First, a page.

The future always brings about exciting new developments for Structural Engineers. Here are 10 types of building materials that are straight out of a science fiction novel that engineers can look forward to working with sometime in the near future:
1. Translucent Concrete
Translucent concrete is made from a substance called Litracon, which is a merging of optical fibers and fine concrete. This material comes prefabricated in blocks for easy construction and looks like translucent glass but is as strong as concrete.
2. Bacteria Building Blocks
This one if probably the one that’s most out there on this list but biological building blocks have been grown in a lab using bacteria. Scientists believe that in the near future bacteria can be used to grow very durable building materials that can be used for building colonies on Mars.
3. Concrete That Lasts 16,000 Years
This type of concrete is currently under development at MIT, not only will this futuristic concrete be durable, long lasting, thinner and lighter — it will also reduce carbon emissions associated with the manufacturing of building materials.
4. Hemp Biocomposite
Hemp is an all purpose plant and now it can also be used to create eco-friendly building materials. Hempcrete will be prefabricated into blocks so it’s easy to work with for structural engineers.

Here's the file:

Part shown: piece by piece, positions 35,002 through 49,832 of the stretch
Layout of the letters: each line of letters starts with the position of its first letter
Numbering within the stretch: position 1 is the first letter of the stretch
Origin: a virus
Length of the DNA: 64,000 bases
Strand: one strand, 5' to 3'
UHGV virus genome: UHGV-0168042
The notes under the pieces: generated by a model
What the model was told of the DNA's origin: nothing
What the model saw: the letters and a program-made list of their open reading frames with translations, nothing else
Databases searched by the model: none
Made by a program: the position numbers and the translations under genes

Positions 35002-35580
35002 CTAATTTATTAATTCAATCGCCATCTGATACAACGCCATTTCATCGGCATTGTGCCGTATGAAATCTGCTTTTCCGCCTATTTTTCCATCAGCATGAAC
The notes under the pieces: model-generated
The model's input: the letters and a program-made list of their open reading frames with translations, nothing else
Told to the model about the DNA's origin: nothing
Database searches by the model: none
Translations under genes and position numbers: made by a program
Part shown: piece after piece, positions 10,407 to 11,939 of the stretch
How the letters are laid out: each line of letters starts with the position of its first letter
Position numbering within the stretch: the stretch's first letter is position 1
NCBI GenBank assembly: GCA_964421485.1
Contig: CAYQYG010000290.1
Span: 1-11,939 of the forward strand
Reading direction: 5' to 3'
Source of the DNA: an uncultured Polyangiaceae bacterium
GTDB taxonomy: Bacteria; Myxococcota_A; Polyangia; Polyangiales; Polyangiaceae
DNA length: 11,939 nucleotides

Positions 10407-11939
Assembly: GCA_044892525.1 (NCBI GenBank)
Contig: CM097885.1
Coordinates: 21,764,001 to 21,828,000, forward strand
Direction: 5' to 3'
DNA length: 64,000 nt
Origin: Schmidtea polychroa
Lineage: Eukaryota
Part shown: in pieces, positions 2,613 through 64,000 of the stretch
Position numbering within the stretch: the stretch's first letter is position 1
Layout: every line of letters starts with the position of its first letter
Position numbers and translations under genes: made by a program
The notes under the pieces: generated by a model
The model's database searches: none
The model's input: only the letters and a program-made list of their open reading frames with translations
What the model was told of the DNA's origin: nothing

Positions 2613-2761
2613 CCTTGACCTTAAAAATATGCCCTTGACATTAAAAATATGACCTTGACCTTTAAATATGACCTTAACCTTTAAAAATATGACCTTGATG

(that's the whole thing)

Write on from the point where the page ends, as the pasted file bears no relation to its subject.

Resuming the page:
5. Bendable Concrete
This is a type of self-healing material that is very flexible as a result. This type of concrete can bend under enormous pressure but will still not break, it would be perfect for creating curved structures more practically.
This material is so light you can’t even feel it when holding it in your hands. Aerogel has the lowest bulk density of any known porous solid at this time and it works as a powerful insulating material, which is what it is being used for as of now.
7. Novacem Carbon-Eating Cement
This material is set to revolutionize the way concrete is made. Currently concrete production is responsible for up to 5% of CO2 emissions and Novacem is designed specifically to reduce those numbers to 0.
This material is made from disposable drinking straws — it’s a flexible and translucent material that’s formed with a honeycomb matrix. Although it’s not very durable it can still be used to make things like lighting fixtures or other interesting interior structures.
9. Kinetic Glass
This is a material that’s also called living glass and can be used to monitor CO2 levels in the air and automatically open and close gills in response to these emissions. This helps regulate air quality without the use of a thermostat or other such tools.
10. Invisible Solar Cells
This is the same as solar panels except the material is transparent like glass and can be expected to replace regular glass windows in the future.
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